Why Sun News failed

It was Fox News without the budget or the talent, writes Jaime J. Weinman
Ezra Levant. (Pawel Dwulit/CP)
Ezra Levant. (Pawel Dwulit/CP)

Conventional wisdom will say that Sun News failed because there’s no market for Fox News-style loud partisanship in Canada. And while conventional wisdom is, to be honest, usually right (conventional wisdom was that Sun News wasn’t very good), I think it’ll be wrong in this case. There’s always a market for conservative news, and they’re not always the people you might expect.

I know one person, liberal on most social issues and very liberal on economic issues, who still watched Sun News a lot because of Israel; it was the “pro-Israel” network, the antidote to the perceived anti-Israel bias of the rest of the media. I didn’t agree, but if Sun had managed to get a larger number of the people who think the media has a lefty bias, it would have been fine. There are always plenty of people who think the media is too far to the left. Just look in any comments section in the world.

Sun didn’t get those people, though, or not enough of them. I think that was basically because it wasn’t as good as Fox News —not good in the moral sense, but in the sense of the calibre of talent or production values. Sun News was the latest in a long line of Canadian networks and Canadian shows that are obvious copies of a more successful American product. It was Fox News without the budget or the talent, and it’s the budget and talent that makes Fox News what it is. Otherwise you’re better off listening to talk radio, without the unappealing pictures to distract from the talking. Not everyone was a dud: Michael Coren is not exactly my kind of TV personality, but he is an experienced TV personality, and knows how to put a show together. But there weren’t enough competent shows to make Sun competitive with Fox News.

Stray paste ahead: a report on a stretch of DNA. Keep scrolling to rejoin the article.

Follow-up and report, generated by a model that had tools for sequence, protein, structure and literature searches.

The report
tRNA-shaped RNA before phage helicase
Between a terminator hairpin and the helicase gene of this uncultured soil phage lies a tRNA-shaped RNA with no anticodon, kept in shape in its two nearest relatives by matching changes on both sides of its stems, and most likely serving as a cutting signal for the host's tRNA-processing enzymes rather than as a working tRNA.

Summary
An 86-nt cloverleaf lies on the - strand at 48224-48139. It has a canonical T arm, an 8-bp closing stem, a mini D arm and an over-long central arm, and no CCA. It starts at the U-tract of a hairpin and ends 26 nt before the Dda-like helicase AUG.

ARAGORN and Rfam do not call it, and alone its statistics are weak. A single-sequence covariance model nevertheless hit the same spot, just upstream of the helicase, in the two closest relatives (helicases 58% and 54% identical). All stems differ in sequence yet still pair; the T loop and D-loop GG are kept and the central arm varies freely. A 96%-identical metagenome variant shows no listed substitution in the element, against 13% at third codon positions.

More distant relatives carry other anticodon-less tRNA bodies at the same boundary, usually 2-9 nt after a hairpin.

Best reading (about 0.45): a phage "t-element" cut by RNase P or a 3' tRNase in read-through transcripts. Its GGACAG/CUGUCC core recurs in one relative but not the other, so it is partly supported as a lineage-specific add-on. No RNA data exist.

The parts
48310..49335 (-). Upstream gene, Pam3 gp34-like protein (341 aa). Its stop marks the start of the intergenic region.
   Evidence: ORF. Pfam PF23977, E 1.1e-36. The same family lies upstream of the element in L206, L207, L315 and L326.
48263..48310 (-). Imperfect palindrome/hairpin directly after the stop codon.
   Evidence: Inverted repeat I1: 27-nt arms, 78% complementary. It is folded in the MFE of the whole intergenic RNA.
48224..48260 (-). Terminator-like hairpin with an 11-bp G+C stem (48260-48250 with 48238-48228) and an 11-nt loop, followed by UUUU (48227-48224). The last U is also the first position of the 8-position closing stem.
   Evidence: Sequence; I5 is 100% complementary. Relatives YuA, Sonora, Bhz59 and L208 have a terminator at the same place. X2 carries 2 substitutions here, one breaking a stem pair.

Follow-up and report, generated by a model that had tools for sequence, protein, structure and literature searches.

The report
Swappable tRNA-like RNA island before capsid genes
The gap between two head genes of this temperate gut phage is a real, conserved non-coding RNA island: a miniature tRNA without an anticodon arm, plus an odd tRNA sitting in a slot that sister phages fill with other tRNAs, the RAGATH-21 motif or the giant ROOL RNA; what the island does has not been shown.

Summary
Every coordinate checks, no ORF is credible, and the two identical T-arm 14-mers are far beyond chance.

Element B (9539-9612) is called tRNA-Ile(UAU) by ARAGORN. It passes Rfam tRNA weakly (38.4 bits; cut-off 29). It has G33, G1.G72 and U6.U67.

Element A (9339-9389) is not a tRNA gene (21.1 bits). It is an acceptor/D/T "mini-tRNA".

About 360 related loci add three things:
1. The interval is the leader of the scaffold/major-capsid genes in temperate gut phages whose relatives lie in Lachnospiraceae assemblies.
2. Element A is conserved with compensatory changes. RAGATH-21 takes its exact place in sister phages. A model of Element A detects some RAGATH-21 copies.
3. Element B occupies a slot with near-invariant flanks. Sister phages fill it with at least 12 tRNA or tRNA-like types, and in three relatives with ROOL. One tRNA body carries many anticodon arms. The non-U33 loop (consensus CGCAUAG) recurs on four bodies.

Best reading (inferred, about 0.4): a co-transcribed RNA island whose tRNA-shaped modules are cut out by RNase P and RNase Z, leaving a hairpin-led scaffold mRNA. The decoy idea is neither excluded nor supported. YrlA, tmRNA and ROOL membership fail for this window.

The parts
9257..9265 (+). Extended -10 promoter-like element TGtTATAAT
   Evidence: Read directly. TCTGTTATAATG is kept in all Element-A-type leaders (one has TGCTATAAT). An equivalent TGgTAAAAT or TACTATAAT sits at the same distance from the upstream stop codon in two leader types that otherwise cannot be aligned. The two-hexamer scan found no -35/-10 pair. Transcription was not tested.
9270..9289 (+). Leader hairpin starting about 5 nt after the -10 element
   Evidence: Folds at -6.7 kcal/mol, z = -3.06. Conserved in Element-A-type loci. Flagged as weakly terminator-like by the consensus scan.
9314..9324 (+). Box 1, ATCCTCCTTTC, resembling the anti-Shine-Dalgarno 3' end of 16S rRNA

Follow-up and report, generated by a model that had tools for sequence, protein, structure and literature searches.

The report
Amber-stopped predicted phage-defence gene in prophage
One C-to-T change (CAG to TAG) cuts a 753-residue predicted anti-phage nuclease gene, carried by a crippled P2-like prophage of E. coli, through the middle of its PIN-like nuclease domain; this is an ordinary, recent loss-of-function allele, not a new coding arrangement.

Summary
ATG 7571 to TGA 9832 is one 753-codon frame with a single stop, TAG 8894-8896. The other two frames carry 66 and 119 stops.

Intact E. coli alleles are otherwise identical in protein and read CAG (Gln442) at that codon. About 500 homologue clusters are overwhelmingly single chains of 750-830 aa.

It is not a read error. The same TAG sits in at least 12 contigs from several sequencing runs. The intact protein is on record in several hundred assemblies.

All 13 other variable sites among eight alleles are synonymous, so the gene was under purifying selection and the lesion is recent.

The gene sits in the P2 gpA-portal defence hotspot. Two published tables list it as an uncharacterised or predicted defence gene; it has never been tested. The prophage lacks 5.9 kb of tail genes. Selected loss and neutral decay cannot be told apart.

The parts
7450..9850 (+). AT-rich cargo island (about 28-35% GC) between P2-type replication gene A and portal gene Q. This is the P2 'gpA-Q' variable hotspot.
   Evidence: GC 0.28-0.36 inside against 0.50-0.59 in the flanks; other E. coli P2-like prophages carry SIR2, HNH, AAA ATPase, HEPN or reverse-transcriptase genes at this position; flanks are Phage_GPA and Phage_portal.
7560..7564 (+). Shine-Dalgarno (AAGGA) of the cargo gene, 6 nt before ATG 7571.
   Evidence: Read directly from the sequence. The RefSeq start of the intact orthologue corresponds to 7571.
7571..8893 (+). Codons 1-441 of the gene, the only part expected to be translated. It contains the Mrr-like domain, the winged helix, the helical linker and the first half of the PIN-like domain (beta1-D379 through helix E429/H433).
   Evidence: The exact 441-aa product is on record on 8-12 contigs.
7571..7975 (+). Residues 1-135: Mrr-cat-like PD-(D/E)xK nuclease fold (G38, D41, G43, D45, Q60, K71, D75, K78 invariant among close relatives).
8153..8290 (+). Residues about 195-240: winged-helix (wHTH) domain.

Like many ersatz products, Sun seemed to think that simply being Canadian would give it an advantage with Canadians over Fox News. This may be true (though maybe not) for an outlet that’s built primarily on reporting. But the Fox model is mostly about punditry, discussions of the issues that matter. Most of the issues that matter on a channel like this are not specific to a particular country. Regardless of the status of gay marriage in your country, the issue of whether gay marriage is right or wrong is pretty much the same everywhere. Reactions to many other things, from Charlie Hebdo to the “war on Christmas,” play out similarly from nation to nation, and you’re mostly going to see better performances on Fox. Even Rob Ford you could hear about on American TV.

So what Sun was counting on was that it would get people who wanted to see a conservative take on the stuff Fox won’t touch: Canada-specific politics. One problem with that assumption is that Canadian politics simply aren’t divided enough to sustain that kind of hyper-partisan approach. Oh, we’re divided; everyone is. But the States is just more divided on issues that have long since faded into conventional wisdom here. U.S. conservatives have long opposed universal health care, and even now there’s a chance it might be overturned. In Canada, as in most countries, even conservative politicians won’t oppose national health care. (The U.S. does have socialized medicine for old people, Fox’s target audience, and sure enough, almost no one on Fox will openly advocate getting rid of Medicare, any more than Margaret Thatcher would try to denationalize U.K. health care.) We just have too many political issues where the divide of “acceptable opinion” is too narrow for a rip-roaring partisan TV debate.

Which is to say, if you’re going to make a conservative pundit network, most of your bread-and-butter topics are going to be not the CanCon ones, but the ones you share with Fox News. That means the only way to survive is to match the competition — spend more money, get better sets, better TV personalities, blonder blonds, angrier old guys. TV punditry is theatre, and people don’t want to watch a cheap performance.